BEIRUT (AP) — U.S.-backed Syrian fighters on Monday pushed ahead in their offensive in northern Syria against members of the Islamic State group under the cover of U.S.-led coalition airstrikes, moving closer to a strategic town that is home to the country's largest dam.
The latest advance by the Kurdish-led Syrian Democratic Forces showed that operations were still ongoing after last week's U.S. missile attack on a Syrian army air base in the country's center. That attack followed a chemical attack on the northern town of Khan Sheikhoun that killed 87 people.
The U.S. blamed the Syrian government for the attack — a charge that Syria strongly denied, saying it hit a rebel arsenal that had chemical weapons.
The Britain-based Syrian Observatory for Human Rights said fighting between the SDF and IS members on the eastern outskirts of the town of Tabqa left at least 11 extremists dead. It said 36 IS fighters have been killed in fighting since Sunday.
The SDF said on social media that its fighters marched about 3 kilometers (2 miles) from the eastern side of Tabqa, the location of Syria's largest dam.
Separately, the Pentagon said U.S. military advisers helped U.S.-trained Syrian opposition forces to repel an IS attack on the al-Tanf border crossing between Syria and Iraq over the weekend.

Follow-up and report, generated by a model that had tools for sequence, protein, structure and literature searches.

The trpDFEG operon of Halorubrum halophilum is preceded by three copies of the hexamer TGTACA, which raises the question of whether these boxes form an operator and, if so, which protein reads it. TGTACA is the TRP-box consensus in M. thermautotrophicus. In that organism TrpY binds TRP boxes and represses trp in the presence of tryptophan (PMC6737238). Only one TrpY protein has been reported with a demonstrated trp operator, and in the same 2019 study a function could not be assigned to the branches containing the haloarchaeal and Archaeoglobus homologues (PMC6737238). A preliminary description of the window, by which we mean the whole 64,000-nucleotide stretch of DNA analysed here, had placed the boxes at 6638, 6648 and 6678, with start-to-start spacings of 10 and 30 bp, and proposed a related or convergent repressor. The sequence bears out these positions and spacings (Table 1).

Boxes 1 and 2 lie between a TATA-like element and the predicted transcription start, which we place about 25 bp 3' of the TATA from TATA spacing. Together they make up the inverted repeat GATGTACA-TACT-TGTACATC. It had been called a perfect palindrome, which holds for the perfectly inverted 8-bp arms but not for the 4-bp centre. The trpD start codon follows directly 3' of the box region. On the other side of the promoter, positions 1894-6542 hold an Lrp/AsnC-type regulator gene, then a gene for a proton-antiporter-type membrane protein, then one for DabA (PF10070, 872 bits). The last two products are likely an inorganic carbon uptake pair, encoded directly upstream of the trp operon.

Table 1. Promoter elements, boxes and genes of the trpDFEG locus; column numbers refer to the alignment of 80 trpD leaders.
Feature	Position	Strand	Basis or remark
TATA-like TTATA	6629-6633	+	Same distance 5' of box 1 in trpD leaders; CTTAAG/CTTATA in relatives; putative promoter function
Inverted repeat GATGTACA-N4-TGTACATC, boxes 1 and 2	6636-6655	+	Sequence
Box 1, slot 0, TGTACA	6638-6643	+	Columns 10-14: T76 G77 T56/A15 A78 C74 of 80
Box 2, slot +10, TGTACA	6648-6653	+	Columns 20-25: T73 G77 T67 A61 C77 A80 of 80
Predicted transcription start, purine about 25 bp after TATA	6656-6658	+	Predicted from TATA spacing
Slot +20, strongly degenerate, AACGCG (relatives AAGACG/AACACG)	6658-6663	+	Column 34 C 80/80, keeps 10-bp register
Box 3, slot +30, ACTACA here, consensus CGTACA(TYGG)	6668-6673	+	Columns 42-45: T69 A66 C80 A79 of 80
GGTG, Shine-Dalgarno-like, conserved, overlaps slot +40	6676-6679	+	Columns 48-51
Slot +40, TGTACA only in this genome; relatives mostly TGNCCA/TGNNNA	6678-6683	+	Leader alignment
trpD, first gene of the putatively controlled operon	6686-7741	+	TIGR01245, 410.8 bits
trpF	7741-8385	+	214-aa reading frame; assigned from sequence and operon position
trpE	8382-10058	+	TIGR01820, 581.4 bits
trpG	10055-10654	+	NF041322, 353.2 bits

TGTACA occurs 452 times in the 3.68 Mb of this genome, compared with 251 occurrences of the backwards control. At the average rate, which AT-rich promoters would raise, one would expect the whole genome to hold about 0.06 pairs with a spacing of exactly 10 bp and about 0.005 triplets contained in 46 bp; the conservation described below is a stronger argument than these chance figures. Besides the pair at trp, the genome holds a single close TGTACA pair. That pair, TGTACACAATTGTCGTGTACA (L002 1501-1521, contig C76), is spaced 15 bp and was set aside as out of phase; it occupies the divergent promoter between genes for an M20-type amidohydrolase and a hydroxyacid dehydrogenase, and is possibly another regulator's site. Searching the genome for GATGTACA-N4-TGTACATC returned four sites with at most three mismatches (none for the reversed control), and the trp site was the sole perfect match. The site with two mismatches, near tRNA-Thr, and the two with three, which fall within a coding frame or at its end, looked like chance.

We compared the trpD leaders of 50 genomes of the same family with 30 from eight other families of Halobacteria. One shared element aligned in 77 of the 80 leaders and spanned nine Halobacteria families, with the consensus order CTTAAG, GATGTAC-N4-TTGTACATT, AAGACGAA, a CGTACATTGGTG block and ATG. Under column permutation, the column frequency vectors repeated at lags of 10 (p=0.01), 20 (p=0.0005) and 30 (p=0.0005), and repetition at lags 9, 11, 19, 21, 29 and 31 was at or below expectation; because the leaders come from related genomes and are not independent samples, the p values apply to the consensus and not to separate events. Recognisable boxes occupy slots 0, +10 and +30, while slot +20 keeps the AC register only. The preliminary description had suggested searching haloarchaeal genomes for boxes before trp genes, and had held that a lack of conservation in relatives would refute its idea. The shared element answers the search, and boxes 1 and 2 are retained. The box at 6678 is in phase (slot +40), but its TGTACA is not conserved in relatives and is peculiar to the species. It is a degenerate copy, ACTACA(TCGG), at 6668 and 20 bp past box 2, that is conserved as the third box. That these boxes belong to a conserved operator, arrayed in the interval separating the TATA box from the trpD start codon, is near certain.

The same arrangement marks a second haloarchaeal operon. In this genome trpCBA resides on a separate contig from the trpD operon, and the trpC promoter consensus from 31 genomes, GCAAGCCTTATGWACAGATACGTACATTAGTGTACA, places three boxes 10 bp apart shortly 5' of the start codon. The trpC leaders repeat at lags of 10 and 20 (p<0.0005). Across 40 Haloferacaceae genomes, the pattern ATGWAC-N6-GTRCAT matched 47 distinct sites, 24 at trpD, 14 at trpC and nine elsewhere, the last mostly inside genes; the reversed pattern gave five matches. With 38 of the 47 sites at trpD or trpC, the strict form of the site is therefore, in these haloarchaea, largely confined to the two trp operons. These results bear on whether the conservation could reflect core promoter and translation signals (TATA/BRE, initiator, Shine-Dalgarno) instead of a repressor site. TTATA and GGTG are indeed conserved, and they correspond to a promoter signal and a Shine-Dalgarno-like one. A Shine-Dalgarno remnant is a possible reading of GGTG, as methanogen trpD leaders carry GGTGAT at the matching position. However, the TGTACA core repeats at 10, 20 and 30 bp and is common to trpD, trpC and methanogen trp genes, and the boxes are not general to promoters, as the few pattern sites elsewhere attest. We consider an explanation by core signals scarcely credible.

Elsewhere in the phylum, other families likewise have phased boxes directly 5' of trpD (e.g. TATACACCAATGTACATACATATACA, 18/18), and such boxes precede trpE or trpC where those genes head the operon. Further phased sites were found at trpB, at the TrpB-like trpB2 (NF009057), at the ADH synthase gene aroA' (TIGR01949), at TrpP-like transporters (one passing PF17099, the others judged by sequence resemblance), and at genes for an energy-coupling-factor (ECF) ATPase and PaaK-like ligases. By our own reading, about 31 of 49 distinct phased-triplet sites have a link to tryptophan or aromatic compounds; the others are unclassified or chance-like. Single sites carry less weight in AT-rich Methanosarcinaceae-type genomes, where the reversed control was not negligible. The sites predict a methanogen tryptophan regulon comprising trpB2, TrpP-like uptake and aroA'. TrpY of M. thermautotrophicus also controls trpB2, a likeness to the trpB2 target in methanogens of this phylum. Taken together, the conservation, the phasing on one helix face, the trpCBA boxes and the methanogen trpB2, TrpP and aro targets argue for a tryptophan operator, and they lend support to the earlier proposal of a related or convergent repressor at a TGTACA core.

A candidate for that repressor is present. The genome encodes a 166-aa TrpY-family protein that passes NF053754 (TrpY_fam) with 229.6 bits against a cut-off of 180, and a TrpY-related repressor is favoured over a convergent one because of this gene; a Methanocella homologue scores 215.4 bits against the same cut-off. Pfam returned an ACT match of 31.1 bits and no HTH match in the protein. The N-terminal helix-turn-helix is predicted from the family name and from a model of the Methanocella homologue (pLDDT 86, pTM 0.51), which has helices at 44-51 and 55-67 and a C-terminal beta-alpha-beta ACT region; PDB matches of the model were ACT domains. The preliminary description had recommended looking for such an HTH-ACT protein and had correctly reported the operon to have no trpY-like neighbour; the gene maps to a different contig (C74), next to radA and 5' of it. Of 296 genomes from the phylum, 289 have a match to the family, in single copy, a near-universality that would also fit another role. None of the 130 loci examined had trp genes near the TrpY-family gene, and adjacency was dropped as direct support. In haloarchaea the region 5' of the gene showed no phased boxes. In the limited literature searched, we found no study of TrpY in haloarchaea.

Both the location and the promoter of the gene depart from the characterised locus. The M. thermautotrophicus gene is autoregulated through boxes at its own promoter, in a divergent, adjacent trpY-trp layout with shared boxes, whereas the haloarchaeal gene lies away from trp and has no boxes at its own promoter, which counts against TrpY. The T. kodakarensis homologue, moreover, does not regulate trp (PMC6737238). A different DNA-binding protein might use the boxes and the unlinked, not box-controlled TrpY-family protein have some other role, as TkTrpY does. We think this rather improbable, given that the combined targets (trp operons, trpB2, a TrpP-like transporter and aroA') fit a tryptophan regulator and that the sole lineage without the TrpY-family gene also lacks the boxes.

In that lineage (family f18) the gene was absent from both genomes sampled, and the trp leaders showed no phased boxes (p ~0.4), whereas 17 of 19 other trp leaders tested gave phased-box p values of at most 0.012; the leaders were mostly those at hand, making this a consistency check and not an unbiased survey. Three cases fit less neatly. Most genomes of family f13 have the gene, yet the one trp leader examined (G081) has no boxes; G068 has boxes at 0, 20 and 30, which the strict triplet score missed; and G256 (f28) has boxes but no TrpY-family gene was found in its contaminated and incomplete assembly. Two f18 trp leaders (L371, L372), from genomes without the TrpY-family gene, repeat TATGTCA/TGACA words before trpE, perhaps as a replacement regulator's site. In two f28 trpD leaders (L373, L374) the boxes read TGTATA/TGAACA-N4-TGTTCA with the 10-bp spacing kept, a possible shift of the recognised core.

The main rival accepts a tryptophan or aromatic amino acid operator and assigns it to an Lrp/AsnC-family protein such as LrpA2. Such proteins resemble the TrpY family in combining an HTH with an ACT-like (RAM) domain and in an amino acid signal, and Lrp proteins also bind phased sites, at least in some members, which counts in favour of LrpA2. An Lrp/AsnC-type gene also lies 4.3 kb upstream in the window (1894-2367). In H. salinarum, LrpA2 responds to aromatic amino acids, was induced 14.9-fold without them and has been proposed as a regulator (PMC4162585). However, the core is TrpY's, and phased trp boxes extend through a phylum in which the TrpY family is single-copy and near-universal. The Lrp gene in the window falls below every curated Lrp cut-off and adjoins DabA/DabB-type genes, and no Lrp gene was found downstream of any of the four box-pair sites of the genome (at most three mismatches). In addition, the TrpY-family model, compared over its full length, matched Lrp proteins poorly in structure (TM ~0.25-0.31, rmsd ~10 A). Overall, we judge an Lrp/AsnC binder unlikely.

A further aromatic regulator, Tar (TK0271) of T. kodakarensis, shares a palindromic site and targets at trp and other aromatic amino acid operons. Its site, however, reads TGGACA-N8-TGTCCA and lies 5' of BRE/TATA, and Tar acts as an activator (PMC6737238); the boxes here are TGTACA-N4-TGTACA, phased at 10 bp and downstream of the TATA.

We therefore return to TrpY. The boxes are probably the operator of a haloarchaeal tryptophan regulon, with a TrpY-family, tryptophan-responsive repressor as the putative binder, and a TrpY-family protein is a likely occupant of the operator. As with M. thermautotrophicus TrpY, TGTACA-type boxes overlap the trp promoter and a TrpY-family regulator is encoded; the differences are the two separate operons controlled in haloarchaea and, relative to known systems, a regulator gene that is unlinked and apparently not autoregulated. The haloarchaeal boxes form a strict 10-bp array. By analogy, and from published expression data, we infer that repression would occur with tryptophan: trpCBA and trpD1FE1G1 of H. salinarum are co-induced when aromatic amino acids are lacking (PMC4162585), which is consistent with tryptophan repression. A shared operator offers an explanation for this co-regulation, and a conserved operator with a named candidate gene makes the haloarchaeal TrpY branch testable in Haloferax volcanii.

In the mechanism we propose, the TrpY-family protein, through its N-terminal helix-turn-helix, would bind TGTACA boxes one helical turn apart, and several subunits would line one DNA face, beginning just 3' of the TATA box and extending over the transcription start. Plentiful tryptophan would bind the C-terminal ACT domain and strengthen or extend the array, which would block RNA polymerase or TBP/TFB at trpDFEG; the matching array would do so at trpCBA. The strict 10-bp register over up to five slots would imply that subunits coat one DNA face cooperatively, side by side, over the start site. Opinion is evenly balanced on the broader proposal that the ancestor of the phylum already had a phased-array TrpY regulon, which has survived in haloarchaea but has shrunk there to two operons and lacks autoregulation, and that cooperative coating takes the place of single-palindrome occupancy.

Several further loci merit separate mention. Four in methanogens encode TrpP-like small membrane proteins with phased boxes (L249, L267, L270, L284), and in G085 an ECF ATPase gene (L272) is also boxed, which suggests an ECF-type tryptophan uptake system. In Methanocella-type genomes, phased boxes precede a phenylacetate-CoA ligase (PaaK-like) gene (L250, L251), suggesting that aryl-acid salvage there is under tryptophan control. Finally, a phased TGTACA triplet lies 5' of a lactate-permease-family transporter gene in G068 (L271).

Air Force Col. John J. Thomas, spokesman for U.S. Central Command, told reporters at the Pentagon that military advisers were present at the time of the fighting.
"U.S. and coalition forces were on the ground in the area as they normally are, and participated in repulsing the attack," he said. "There was close air support that was provided. There was ground support that was provided" as well as U.S. medical evacuation support.
"Ultimately the attackers were killed, defeated or chased off," he said. He said three Syrian opposition fighters were killed.
CENTCOM military command said in a statement the IS militants attacked the checkpoint with a car bomb and 20 to 30 fighters.
Last week, SDF fighters captured the area of Safsafeh east of Tabqa, laying siege to the town. On March 22, U.S. aircraft ferried forces behind militant lines in the Tabqa area to spearhead a major assault near the extremists' de facto capital, Raqqa.
Associated Press writer Robert Burns in Washington contributed to this report.